There’s no disputing that domestic or family violence is a Criminal law act that has no place in society. Regardless of the perpetrator, domestic violence is irrefutably wrong on any level, be it from a legal, health or socio-cultural perspective.
It is generally thought that men are the offenders in the vast majority of domestic violence cases. The federal government has identified this major and unacceptable problem, recently launching a $100 million women’s safety package to combat domestic violence against women and children.
However, a side effect of the current view is that men who suffer from domestic violence tend to feel a sense of shame about their abuse. Male victims also have less access to information and support.
Our team of Wollongong Lawyers is dedicated to fighting all cases of domestic violence, regardless of the perpetrator. In this blog, we provide some advice for men who are the victims of violence and what they can do.
What Counts As Abuse?
Perpetrators of violence against men include their wives or partners as well as parents, siblings, carers and children.
While men are stereotypically viewed as being stronger and bigger than women, abuse is not unheard of. Furthermore, it does not need to take the form of physical acts to count as violence.
The abuse of men, like that of women, can take many forms, including sexual, emotional, psychological, verbal and financial abuse, property damage and social isolation.
Action against Violence
The Family Law Act includes both physical and non-physical forms of abuse under domestic abuse. These definitions apply in NSW and throughout Australia.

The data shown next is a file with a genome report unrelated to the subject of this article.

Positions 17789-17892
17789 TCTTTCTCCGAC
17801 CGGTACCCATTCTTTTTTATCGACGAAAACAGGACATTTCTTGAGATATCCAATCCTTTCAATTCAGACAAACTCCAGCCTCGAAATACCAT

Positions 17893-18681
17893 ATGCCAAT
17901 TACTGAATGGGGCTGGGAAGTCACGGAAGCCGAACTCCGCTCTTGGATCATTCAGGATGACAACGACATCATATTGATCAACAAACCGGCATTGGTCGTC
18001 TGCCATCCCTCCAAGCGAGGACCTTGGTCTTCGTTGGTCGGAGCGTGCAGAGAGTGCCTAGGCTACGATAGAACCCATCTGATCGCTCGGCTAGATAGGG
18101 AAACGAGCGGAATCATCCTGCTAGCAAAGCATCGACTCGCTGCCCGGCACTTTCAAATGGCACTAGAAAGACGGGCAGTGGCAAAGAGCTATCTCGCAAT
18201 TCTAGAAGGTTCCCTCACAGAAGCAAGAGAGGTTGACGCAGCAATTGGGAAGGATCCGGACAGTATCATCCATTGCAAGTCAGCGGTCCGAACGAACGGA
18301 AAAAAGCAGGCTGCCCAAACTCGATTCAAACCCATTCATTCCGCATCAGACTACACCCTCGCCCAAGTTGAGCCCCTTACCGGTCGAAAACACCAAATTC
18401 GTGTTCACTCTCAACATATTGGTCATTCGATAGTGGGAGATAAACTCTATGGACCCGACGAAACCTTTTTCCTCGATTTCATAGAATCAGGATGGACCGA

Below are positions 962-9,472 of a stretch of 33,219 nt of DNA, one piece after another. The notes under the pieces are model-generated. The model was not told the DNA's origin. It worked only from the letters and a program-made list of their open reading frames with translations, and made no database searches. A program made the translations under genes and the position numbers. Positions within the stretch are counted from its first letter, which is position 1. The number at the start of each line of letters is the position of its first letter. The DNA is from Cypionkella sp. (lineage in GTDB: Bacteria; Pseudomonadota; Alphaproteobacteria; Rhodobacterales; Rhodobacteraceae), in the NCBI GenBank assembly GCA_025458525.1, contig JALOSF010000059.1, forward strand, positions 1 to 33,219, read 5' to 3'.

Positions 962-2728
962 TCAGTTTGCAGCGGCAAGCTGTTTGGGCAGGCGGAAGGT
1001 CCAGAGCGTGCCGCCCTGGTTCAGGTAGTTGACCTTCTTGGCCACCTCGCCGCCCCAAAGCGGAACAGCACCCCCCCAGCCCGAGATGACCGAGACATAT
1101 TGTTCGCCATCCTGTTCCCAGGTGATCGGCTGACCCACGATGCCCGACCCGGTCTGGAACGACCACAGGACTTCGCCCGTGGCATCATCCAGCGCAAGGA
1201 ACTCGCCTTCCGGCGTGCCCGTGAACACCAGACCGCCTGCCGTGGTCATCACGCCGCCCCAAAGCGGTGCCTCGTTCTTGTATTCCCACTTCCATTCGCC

If you feel intimidated, threatened or otherwise in fear for your well-being, the primary legal measure is to apply for an Apprehended Violence Order (AVO) for protection.
Police stations usually nominate someone to handle domestic violence matters, called Domestic Violence Liaison Officers. An AVO is a court order that will place restrictions on the person who is violent or abusive towards you. If the defendant breaches this order, they can then be convicted of a criminal offence in NSW, Australia.
If domestic violence has already occurred, such as an assault or being controlled or put under physical or financial duress, it is considered a criminal offence and should be reported to the police.
The police have the power to respond and exclude the violent person from your house if necessary. Where appropriate, they may also charge the violent person with assault.
Contact DGB Lawyers
If you are a victim of domestic violence our criminal lawyers and family law specialists can help you take action.
For reliable, responsive and personalised legal advice, contact DGB Lawyers.
Contact us via email at email@example.com or through our online contact form.
Alternatively, you can call or visit our Solicitors in our Wollongong office:
96 Kembla Street, Wollongong,
Ph. (02) 4229 5699